Wow! What a day it has been. At times you stumble upon something, which…just end up filling such a huge gap…that you feel like taking leaps…and today was such day…
Carrying on the same…it’s been a long time, I wrote about UX and Predictability…this is in continuation of what we read earlier….
Let’s start with what are the underlying failures in Predictability:
Revealing the underlying causes of a failure in predictability.
- Submerge yourself in the customer’s experience through a series of thorough contextual inquiries. Nothing beats true in situ (observing customers doing things in the field) feedback from people who are living it.
- For longer processes, consider a diary study where real customers record their thoughts and feelings for you and report in regularly.
- Consider secret shopping the experience yourself and documenting it as you go.
- Map this data into an end-to-end journey and define the major phases with the smaller phases contained within them.
- Note break points where customers expected something different than what they got.
- Submerge yourself in the business process by following it from beginning to end.
- Interview the key stakeholders to understand how this process came to be, and the reasons behind it.
- Spend time with the employees who actually implement the process and document the ways that they enforce or deviate from it when necessary.
- Map this data into a complete journey and define major phases with the smaller phases and tasks contained within each.
The Risks of Predictability
There is very little in the design world where a “one size fits all” approach is best. Predictability as the basic design element of customer experience is no exception. It comes with a price tag, since there can be downsides when predictability is at the core of an experience.
Predictability can stifle innovation when standards aren’t questioned and progressed. This introduces your first risk. Before Apple introduced the iPod click wheel and iTunes, every MP3 player had the same user experience dating back to the VHS era. Would Apple have taken a leading position if the standard had prevailed and they never pioneered their new intuitive interaction and enhanced service offer?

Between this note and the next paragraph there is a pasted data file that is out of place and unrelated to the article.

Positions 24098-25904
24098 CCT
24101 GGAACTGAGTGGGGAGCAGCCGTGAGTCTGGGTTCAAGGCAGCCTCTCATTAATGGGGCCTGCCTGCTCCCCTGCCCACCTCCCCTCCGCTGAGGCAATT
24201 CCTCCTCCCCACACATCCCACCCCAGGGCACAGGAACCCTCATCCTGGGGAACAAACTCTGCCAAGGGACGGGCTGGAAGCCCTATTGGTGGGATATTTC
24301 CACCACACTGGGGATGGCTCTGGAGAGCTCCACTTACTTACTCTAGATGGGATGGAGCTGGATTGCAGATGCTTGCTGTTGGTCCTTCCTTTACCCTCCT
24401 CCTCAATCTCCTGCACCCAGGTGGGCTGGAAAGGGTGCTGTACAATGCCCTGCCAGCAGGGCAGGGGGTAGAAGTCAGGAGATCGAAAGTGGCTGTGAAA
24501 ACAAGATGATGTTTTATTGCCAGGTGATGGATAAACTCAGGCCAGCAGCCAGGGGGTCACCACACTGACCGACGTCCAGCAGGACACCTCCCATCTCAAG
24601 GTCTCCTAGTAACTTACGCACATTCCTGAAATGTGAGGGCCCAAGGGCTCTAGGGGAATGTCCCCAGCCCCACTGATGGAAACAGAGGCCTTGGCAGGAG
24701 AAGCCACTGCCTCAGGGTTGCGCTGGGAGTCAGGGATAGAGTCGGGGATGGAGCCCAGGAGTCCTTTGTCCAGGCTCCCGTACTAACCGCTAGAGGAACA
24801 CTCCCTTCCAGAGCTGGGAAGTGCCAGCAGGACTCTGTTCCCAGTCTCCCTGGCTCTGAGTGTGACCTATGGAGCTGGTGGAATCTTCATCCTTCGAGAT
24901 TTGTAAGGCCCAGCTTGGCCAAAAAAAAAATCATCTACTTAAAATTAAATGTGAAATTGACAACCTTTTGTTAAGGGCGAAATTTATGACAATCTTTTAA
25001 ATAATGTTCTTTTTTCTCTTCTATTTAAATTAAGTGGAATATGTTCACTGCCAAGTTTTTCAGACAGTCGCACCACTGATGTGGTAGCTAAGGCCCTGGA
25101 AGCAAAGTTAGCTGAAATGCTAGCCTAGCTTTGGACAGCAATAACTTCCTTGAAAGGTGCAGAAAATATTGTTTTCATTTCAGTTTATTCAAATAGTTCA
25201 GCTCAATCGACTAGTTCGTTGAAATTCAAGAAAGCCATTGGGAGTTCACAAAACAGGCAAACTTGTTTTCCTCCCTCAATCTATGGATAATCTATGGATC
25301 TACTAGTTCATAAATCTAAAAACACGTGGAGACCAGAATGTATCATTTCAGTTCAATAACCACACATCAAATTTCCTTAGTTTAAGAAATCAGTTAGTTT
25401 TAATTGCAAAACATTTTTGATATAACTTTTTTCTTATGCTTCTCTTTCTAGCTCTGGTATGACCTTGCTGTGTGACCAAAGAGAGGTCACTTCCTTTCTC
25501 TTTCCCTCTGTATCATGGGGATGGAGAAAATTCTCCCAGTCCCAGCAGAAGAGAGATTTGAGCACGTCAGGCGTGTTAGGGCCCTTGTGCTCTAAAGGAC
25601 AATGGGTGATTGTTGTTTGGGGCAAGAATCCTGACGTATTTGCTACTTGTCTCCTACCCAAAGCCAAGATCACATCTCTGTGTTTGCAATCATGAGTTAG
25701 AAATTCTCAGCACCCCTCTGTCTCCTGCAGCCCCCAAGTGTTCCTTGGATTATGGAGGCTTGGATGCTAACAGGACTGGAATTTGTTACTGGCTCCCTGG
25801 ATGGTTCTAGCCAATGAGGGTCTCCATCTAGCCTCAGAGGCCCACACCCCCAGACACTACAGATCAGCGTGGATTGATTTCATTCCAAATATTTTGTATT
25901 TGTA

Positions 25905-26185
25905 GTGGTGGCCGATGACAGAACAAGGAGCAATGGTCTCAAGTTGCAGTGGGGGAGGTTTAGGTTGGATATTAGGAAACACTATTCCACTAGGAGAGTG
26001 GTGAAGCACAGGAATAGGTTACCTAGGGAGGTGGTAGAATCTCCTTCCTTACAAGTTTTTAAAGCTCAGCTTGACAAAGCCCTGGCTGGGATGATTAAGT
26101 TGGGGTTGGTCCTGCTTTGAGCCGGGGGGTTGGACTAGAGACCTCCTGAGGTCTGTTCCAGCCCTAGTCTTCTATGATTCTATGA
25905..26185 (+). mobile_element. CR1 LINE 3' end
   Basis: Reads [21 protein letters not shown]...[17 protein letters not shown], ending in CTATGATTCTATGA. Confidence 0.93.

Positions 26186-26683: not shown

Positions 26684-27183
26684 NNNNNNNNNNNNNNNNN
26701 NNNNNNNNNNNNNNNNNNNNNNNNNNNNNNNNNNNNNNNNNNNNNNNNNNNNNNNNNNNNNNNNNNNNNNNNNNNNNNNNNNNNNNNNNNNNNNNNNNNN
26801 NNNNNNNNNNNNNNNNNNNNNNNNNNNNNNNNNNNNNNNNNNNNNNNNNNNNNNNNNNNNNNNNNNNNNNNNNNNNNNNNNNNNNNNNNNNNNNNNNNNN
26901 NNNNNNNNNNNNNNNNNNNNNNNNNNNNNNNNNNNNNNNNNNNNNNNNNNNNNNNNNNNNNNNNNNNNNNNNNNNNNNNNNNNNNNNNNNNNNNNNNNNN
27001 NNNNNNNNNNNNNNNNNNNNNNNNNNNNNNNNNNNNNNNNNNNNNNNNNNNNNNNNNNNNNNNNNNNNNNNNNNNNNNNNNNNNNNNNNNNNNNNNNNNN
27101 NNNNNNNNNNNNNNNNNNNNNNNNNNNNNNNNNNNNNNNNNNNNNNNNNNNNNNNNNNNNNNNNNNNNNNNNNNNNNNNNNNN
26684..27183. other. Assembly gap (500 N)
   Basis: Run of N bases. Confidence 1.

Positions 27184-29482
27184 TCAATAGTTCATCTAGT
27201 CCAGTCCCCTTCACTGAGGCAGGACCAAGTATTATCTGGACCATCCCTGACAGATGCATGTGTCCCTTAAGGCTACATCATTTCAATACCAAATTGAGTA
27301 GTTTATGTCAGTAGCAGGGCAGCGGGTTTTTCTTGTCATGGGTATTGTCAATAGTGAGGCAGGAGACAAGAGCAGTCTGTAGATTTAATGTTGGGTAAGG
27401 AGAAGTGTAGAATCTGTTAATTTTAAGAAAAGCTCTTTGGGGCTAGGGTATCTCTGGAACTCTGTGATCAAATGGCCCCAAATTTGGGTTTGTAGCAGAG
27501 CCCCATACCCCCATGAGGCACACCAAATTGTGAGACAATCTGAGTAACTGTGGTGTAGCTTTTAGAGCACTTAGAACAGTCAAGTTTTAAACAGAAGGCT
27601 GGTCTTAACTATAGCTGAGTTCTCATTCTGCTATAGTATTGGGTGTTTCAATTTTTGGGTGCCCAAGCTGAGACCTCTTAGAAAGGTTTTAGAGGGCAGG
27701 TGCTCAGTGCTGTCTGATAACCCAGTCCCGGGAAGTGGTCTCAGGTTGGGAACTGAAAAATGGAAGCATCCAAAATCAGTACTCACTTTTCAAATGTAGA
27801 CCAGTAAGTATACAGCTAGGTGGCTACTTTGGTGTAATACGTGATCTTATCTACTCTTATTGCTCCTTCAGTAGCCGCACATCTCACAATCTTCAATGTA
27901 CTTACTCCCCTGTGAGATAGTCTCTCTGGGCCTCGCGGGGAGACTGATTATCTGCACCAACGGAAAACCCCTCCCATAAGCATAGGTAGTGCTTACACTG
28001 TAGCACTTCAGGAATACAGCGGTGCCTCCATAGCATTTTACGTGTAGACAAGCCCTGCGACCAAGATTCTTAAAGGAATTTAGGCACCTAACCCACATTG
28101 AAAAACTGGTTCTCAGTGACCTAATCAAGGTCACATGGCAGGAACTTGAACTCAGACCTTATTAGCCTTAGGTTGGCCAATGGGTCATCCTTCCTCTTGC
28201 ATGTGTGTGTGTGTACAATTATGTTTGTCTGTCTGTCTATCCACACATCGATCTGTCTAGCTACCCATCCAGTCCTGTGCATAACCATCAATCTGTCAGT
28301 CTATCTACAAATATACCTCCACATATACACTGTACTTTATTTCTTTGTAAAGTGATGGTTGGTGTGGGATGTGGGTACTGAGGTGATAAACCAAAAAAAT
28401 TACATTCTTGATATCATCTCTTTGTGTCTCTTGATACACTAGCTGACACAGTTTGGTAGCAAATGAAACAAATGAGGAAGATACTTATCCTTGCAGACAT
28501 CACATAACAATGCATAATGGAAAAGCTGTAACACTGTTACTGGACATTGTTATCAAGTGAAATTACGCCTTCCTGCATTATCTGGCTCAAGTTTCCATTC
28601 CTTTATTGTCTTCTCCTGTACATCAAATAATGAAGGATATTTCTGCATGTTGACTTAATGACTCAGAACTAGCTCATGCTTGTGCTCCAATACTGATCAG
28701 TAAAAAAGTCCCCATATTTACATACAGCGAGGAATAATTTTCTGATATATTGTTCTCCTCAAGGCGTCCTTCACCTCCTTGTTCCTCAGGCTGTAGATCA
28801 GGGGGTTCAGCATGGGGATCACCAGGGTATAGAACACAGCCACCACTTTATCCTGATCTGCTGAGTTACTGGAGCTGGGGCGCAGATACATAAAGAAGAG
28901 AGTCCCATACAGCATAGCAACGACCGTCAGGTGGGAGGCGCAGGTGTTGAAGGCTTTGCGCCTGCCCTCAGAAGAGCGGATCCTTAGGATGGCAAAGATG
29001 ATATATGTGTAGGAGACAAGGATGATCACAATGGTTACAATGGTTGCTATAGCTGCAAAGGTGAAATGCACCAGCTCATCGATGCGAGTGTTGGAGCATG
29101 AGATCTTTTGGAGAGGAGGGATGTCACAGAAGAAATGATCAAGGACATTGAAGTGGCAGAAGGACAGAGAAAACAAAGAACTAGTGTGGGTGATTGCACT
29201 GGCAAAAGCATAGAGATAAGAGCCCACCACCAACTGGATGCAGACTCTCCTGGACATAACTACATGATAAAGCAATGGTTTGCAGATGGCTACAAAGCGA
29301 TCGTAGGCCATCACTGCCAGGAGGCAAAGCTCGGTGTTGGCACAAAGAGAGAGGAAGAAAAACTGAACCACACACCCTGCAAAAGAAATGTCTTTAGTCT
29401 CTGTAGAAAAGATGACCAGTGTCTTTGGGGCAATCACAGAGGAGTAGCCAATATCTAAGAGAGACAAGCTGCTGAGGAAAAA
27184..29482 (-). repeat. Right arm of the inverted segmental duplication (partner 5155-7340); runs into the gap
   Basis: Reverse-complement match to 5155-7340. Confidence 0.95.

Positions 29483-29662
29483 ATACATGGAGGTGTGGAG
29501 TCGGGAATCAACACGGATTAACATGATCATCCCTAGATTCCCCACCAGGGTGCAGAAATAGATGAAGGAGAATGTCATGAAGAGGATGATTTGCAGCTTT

Apple was able to be different without losing its competitiveness through introducing learnable interface and new service model that was significantly better than the standards at the time.
A common example of this is timetables. If the timetable states the bus should be at your stop at 7:45am, even a 10-minute wait can feel excruciating. Yet, we all know that the bus timetable has factors beyond the control of the bus company. City Council in Queensland is moving away from timetables for high frequency buses to combat customers’ inevitable disappointment. Instead, these services are based on frequency and operating time, e.g., the service runs every five minutes between 7-9am and 4-6pm weekdays . This focuses the customer’s attention on the likely wait time, rather than on an exact minute of arrival.
For your Businesses:
Ask the right people
Start at your call center. When predictability breaks down your call center staff is the emergency crew that handles it.
- Have support staff track the number of calls for the process in question and the overall reason for the call:
- Customer didn’t understand the product functions or features.
- Customer didn’t understand the process.
- Customer had unrealistic expectations of time and number of steps.
- Customer was surprised by the bill, cost, or fees.
- If a large volume of support calls fit the above issues, then there is likely a predictability problem to be addressed.